I am Jorge Gutierrez, a queer, brown immigrant who was born in Nayarit, Mexico, and grew up in the Tustin and Santa Ana area in Orange County. I have been living in Los Angeles for over 6 years now. There is so much hateful and racist rhetoric and violence happening in the U.S. and across the globe but I am grateful that I get to run a national grassroots trans and queer Latinx organization, so I get to channel a lot of my anger and frustration into the organizing and advocacy work we do every day. But I also do lots of dancing, hang out with friends and family, and eat lots of tacos to find joy and celebrate who I am. Being authentic is so important, so needed, and truly a revolutionary act when you think about all the racism, discrimination, and violence folks are facing for being black, brown, trans, queer, undocumented, and so on. I think visibility can be a good thing but it’s also complex and tricky. Just because we see more trans people, queer people, and immigrants and more people from our particular communities in movies, music, and politics, it doesn’t necessarily mean that all of us are getting the same opportunities or have access to resources or power. I am interested in being visible and counted for the purpose of ensuring that all of us in our given and chosen communities have justice, freedom, opportunities, and joy to live our most authentic lives.
Being born gay in Guanajuato, known as one of the most religious and conservative states in Mexico, was a challenge. Part of our childhood for us was very normal, but once we started school, things changed. We were bullied by other students and nobody cared to do anything about it. We both knew that the way to get us out of there was through education.
We were neighbors as kids but we got together when we finally left for college. We were relieved leaving our hometowns behind, but the bullying did not stop, and in the new city as young adults we were also targeted by the police for being gay. After several encounters with the police, roommates, and classmates, we decided to leave Mexico and come to the land of freedom, the United States of America.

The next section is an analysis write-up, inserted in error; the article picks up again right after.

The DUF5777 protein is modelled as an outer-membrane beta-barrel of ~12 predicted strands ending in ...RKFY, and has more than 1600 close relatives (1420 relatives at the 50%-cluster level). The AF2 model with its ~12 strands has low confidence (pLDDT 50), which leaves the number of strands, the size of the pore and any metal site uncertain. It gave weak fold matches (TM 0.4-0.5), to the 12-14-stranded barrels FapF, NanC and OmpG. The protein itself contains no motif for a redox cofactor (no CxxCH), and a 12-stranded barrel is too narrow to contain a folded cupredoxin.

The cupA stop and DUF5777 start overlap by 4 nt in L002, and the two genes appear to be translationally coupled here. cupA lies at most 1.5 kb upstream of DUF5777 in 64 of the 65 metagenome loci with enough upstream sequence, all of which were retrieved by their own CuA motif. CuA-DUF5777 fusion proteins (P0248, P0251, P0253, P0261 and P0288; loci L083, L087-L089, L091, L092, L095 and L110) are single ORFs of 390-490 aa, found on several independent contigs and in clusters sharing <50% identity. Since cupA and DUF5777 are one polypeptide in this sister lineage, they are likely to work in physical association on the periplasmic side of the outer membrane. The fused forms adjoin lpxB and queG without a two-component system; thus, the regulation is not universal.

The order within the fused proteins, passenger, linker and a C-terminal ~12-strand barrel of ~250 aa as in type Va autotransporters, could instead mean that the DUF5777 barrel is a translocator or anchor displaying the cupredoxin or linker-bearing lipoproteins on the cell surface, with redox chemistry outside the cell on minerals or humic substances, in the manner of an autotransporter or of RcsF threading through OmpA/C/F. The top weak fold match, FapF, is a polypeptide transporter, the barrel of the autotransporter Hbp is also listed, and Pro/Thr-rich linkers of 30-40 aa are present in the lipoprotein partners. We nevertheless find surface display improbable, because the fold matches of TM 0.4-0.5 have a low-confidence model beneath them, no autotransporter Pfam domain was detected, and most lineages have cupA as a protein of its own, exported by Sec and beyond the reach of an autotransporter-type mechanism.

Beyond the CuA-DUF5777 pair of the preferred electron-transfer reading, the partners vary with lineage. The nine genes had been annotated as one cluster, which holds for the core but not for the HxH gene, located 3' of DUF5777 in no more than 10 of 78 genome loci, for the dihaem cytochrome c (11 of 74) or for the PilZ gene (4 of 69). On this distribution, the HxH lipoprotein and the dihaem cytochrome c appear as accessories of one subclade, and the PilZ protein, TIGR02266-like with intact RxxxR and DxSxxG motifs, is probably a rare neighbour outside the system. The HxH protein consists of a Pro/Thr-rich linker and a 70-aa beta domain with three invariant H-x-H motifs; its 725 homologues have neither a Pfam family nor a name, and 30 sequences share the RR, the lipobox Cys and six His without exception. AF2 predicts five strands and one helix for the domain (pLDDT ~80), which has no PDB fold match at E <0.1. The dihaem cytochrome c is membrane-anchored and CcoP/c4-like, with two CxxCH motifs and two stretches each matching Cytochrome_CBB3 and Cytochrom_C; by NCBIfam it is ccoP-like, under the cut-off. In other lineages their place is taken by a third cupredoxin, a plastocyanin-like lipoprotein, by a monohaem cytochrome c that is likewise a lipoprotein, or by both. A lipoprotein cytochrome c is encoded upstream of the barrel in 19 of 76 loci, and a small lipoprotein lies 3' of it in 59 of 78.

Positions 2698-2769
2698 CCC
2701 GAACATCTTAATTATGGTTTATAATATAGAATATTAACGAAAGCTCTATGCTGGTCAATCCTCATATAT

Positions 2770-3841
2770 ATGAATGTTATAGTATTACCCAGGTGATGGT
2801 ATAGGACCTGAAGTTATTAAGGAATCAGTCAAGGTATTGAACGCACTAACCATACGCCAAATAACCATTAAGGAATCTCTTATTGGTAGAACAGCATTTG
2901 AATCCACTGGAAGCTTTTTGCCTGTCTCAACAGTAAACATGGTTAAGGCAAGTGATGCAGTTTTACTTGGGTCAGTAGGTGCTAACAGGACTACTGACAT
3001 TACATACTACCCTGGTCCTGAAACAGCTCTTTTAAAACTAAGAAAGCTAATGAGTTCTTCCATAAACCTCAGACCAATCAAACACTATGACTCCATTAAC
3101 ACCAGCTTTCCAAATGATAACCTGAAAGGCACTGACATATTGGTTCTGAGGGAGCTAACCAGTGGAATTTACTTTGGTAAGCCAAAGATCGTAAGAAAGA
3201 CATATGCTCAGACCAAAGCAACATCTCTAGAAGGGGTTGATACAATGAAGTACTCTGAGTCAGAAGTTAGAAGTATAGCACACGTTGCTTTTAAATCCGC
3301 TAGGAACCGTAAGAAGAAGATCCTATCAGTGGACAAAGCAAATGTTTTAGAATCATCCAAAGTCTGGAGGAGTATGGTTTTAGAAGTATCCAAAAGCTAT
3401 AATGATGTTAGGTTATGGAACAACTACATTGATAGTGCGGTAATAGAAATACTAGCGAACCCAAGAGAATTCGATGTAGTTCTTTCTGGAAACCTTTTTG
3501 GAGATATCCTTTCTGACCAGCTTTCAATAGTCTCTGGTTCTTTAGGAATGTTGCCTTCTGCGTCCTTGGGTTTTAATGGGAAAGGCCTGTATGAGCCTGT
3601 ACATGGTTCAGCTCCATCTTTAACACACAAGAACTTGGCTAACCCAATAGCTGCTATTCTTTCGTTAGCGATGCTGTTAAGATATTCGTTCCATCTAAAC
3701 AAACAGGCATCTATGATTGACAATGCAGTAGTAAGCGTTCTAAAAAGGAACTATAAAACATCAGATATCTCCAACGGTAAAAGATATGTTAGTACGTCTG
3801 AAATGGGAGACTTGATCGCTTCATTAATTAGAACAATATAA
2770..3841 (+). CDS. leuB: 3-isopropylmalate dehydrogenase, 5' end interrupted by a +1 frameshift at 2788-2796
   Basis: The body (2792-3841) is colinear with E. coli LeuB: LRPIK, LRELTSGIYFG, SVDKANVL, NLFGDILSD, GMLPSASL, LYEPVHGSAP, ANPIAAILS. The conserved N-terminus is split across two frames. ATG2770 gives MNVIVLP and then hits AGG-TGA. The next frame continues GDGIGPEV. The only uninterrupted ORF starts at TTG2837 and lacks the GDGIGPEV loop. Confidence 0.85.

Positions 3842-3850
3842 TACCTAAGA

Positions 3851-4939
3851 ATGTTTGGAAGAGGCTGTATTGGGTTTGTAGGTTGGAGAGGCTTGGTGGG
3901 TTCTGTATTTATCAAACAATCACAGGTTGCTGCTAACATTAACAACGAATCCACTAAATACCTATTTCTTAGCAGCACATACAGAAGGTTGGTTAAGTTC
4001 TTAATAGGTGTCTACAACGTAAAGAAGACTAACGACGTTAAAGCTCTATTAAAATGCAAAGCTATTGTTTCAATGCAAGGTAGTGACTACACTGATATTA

We landed in Orange County, one of the most conservative places in the country. We thought that things would be different, but the bullying and discrimination started all over again. We were rejected by the Latino community for being gay, and we were rejected by the Caucasian community for being Latino and gay. We did not want to keep running so when we were told we could not be a couple, get married, or get the same opportunities as other people, we decided to fight back. Not only for us but for
the new generations to come.
Our first major task was to come out of the closet and tell our siblings and parents about ourselves and our relationship. We realized that by hiding we were sending the wrong message to society. Our second task was to be visible in the community among relatives, friends, colleagues, and neighbors, so we got married and told everyone about it. Introducing ourselves as husband and husband was shocking for many, but we learned that one powerful tool to cause change is to accept ourselves and be proud of who we are. We encouraged people to start looking at us for our character and our actions, and not for how society wants to identify us.
We learned that acceptance does not happen overnight. It takes time, but we must start with ourselves. This helped our families, social circle, and later our Orange County community accept us as gay men and a same-sex couple.
We have continued working in the Orange County community. We co-founded an organization called Orange County Equality Coalition and became part of their Latino outreach committee. Later we were part of the Story Telling committee where we were able to share our stories as gay men. For years, we advocated to have a Latino presence in Orange County Pride festival, and through art, we volunteered for El Centro Cultural de Mexico and Gay Neighbors, Families and Friends of Santa Ana. We create art with an LGBTQ and Mexican theme. We participate in Day of the Dead festivals by building altars honoring victims of hate crimes and speaking to audiences about such crimes. We know it is important to give visibility and a voice to those whom society tried to silence. We hope that this visibility can prevent our younger generations of LGBT and minority people from going through what we went through while we were trying to be ourselves.
Santa Ana, CA